COMPTON — The Compton City Council convened March 2 to hear a mid-year budget review for fiscal year 2020-21, which showed a projected balanced budget as revenue for the reporting period was up.
The council also met in closed session to discuss a lawsuit filed by JCJ Corporation, which ran a marijuana dispensary at 609 N. Long Beach Blvd. The company alleges that City Manager Craig Cornwell performed illegal search and seizures with the assistance of Senior Building Inspector Victor Orozco.
“My clients believe this alleged inspection warrant was not properly authorized by the court because it lacked an identifiable case number and was not stamped by the court with a corresponding filing date,” said Charles Cummings, attorney for JCJ. “During a hearing, Assistant City Attorney Jose Paz was unable to produce a copy of the warrant with a case number with a date stamp of the filing, or any receipts for the items seized as required by law.”
At the time of the allegations, Cornwell was the city attorney and residents are asking that he step down from his current duties while the case proceeds to trial March 11.
“Anyone named as a defendant in a lawsuit against the city, should be placed on administrative leave, which includes Cornwell and Victor Orozco,” said Robert Ray, a longtime resident.
Cornwell presented the city’s midyear budget which detailed revenue was up in most areas and, due to new identified revenue and salary savings, he is requesting those funds be transferred to various departments in need of funding.
“We are proposing $1.2 million be put into our firefighter overtime budget due to COVID protocols and staffing shortages, has made the need for overtime significant,” Cornwell said.
Councilwoman Michelle Chambers requested a canteen for the firefighters, using the surplus funds to provide beverages and hot meals to firefighters similar to a service provided by the Salvation Army.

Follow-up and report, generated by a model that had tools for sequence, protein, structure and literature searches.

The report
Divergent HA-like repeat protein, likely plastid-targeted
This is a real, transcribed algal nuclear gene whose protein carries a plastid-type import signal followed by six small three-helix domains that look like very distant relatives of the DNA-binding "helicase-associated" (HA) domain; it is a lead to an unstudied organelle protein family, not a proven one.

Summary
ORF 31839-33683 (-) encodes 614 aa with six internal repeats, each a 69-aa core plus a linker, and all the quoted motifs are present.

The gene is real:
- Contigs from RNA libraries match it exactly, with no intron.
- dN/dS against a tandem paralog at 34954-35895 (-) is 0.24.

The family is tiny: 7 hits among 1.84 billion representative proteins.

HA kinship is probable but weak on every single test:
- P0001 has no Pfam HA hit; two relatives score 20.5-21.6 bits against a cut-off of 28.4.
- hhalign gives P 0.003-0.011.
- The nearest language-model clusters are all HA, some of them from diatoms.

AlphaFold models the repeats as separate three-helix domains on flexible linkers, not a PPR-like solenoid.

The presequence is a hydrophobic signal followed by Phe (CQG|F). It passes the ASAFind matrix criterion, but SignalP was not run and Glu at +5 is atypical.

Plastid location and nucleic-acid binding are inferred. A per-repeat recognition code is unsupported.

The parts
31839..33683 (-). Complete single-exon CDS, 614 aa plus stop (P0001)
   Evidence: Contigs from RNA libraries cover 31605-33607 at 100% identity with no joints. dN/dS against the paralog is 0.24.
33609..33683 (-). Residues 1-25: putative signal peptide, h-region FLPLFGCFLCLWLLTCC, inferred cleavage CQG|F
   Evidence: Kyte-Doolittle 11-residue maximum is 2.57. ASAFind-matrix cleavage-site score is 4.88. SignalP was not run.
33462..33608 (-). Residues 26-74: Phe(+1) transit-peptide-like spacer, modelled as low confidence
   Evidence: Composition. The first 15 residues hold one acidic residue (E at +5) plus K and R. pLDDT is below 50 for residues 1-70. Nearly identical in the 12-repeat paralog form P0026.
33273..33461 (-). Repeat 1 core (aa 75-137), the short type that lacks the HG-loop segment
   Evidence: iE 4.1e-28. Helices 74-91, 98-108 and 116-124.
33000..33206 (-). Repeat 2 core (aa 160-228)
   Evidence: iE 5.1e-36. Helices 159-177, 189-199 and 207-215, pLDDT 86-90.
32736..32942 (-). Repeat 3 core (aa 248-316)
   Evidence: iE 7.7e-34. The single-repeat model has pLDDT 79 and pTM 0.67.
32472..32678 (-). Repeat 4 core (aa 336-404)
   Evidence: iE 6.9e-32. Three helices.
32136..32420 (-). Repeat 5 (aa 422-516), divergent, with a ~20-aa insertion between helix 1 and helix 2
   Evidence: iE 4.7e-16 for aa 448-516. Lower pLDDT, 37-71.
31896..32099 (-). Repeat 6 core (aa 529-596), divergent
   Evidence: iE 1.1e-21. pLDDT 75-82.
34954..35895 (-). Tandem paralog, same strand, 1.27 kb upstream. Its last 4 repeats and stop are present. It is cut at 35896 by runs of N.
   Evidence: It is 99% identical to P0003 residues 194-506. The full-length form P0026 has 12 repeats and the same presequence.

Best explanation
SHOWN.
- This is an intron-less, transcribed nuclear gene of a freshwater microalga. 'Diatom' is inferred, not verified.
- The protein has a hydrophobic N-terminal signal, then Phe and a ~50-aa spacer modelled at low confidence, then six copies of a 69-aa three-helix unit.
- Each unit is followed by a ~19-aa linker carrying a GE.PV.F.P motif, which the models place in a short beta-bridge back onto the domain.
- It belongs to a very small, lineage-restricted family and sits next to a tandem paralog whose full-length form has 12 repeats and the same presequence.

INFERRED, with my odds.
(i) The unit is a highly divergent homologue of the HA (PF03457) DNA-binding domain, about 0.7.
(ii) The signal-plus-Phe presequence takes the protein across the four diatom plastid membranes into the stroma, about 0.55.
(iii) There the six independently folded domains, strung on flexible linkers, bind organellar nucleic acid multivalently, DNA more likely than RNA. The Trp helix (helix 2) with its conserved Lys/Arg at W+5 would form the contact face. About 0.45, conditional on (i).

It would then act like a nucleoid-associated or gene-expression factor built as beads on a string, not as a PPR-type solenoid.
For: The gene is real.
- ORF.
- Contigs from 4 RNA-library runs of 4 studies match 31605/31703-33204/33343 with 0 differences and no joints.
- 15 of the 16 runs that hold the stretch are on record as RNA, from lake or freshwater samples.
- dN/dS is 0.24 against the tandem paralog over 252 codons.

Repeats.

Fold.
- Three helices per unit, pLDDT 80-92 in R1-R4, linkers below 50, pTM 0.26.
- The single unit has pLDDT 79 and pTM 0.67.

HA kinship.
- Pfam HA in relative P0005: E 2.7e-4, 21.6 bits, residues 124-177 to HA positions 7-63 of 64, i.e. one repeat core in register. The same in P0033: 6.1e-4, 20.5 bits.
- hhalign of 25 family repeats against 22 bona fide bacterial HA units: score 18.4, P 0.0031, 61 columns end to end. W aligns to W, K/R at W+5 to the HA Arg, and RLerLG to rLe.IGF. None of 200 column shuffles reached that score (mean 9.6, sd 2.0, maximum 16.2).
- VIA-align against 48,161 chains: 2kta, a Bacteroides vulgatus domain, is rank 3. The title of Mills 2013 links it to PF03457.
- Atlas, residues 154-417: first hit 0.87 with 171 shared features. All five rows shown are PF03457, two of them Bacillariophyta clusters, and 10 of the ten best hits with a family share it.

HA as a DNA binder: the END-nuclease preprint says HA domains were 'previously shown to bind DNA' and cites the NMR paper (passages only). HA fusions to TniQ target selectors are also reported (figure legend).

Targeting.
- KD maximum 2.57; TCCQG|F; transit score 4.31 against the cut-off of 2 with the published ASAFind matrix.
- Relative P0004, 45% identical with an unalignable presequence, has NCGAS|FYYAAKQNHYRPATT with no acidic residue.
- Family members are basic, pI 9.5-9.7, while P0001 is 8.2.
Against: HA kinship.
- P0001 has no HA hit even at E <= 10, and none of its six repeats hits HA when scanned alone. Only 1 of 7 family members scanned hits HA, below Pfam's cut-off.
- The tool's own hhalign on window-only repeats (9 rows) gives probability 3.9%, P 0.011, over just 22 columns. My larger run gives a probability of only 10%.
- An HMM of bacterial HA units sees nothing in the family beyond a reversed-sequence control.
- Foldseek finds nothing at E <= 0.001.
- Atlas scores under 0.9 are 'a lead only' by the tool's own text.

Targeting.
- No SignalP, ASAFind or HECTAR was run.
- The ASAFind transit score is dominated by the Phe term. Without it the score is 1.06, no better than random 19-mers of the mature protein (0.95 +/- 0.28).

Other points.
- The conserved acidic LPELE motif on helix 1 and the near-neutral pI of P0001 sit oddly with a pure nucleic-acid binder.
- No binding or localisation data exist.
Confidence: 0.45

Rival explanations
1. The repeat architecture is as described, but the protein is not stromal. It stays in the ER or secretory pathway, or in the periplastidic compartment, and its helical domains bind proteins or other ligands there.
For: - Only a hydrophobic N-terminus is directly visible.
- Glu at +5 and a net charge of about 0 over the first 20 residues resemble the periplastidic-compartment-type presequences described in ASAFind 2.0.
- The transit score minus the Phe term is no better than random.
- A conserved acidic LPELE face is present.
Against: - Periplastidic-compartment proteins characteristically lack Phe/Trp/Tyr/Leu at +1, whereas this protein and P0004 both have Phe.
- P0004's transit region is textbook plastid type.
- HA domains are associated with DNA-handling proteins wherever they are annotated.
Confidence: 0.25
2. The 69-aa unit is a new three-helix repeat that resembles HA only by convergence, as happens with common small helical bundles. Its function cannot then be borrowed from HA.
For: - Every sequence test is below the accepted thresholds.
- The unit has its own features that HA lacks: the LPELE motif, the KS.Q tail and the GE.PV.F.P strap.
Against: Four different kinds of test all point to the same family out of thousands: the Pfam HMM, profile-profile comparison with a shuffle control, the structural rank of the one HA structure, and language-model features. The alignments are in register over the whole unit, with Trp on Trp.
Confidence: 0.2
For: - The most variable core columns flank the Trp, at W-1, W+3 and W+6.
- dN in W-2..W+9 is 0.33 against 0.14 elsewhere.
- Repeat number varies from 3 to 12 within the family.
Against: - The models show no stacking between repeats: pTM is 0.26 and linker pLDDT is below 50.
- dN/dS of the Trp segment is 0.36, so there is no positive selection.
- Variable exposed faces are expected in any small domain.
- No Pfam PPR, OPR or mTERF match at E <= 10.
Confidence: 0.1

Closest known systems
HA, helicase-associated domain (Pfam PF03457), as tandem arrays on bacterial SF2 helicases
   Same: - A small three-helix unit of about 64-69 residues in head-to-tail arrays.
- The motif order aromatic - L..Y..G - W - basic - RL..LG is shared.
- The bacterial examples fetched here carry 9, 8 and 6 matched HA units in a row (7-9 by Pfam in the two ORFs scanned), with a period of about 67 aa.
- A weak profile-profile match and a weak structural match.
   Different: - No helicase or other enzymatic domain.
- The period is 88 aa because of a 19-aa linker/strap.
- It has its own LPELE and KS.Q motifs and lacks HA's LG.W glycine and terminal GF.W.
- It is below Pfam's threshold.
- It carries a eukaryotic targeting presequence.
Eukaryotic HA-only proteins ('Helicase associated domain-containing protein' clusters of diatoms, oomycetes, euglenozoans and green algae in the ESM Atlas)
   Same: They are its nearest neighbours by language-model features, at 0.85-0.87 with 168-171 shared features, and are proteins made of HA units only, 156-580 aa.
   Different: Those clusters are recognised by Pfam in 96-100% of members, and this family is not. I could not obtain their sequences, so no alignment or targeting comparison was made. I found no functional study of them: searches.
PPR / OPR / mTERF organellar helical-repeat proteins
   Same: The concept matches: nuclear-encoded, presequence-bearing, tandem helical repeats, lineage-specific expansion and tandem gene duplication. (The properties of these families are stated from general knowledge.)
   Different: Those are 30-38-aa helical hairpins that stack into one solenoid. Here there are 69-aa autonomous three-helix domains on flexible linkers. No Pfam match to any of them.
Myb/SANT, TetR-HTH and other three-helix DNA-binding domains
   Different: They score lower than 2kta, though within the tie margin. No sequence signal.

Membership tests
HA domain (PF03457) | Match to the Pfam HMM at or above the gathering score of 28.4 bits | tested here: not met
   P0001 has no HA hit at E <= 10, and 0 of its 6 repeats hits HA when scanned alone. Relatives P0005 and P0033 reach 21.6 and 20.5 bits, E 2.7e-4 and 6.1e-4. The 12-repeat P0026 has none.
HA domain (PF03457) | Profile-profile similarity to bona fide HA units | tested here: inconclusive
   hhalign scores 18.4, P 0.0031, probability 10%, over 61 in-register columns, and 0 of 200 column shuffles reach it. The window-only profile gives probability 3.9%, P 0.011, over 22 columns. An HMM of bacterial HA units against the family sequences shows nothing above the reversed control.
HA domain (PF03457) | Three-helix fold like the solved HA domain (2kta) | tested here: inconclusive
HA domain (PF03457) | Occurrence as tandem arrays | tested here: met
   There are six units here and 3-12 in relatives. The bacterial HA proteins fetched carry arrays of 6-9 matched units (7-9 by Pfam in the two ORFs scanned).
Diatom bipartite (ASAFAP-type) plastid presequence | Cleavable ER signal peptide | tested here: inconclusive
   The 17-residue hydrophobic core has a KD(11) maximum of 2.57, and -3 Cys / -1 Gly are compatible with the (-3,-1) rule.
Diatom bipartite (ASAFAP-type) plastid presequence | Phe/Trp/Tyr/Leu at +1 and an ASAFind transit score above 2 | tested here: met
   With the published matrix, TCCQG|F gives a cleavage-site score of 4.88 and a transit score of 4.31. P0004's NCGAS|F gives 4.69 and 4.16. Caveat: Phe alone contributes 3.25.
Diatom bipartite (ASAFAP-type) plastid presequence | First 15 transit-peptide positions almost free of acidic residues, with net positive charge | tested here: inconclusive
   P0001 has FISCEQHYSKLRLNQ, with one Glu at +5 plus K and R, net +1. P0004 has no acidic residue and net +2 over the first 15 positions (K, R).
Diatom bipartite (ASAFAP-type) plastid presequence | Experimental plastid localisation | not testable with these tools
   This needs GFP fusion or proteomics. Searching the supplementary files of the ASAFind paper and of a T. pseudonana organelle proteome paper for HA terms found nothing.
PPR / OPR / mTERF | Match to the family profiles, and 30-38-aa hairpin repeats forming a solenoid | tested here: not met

“I know the Salvation Army is stretched thin but if we could look into this for our firefighters I would appreciate it,” Chambers said.
Residents are more concerned about firefighters having sufficient water pressure, at the fire hydrants, which hindered the putting out of a massive fire that broke out in an industrial complex Feb. 26.
“I took a survey of residents asking how often they see the fire hydrants checked in their neighborhood, and they said rarely if at all,” Ray said. “Over 10 years ago a member of the fire department came to council complaining about the water pressure in that area. We need a regular fire hydrant testing schedule since this is a public safety issue.”
Ray says his hydrant hasn’t been tested in five years.
Cornwell told the council that general fund and Measure P revenues netted a surplus, while gas tax and lighting and landscaping were in a deficit. Funds related to water and grants are still under review and will be brought back separately.
Overall, the city manager said he is confident the city’s current fiscal year’s budget is balanced despite an audit that revealed the city is in $113 million in debt.
Mayor Aja Brown held her final State of the City address Feb. 25, where she blamed the city’s financial woes on previous administrations.
“The problem with Aja Brown is she doesn’t take responsibility for her administration’s inability to get the finances on track,” said Marvin McCoy. “She is constantly bringing up the previous mayor who hasn’t been in office for 20 years.”
2 Urban Girls is a freelance reporter for Wave Newspapers who covers the Compton and Inglewood areas. She can be reached at firstname.lastname@example.org.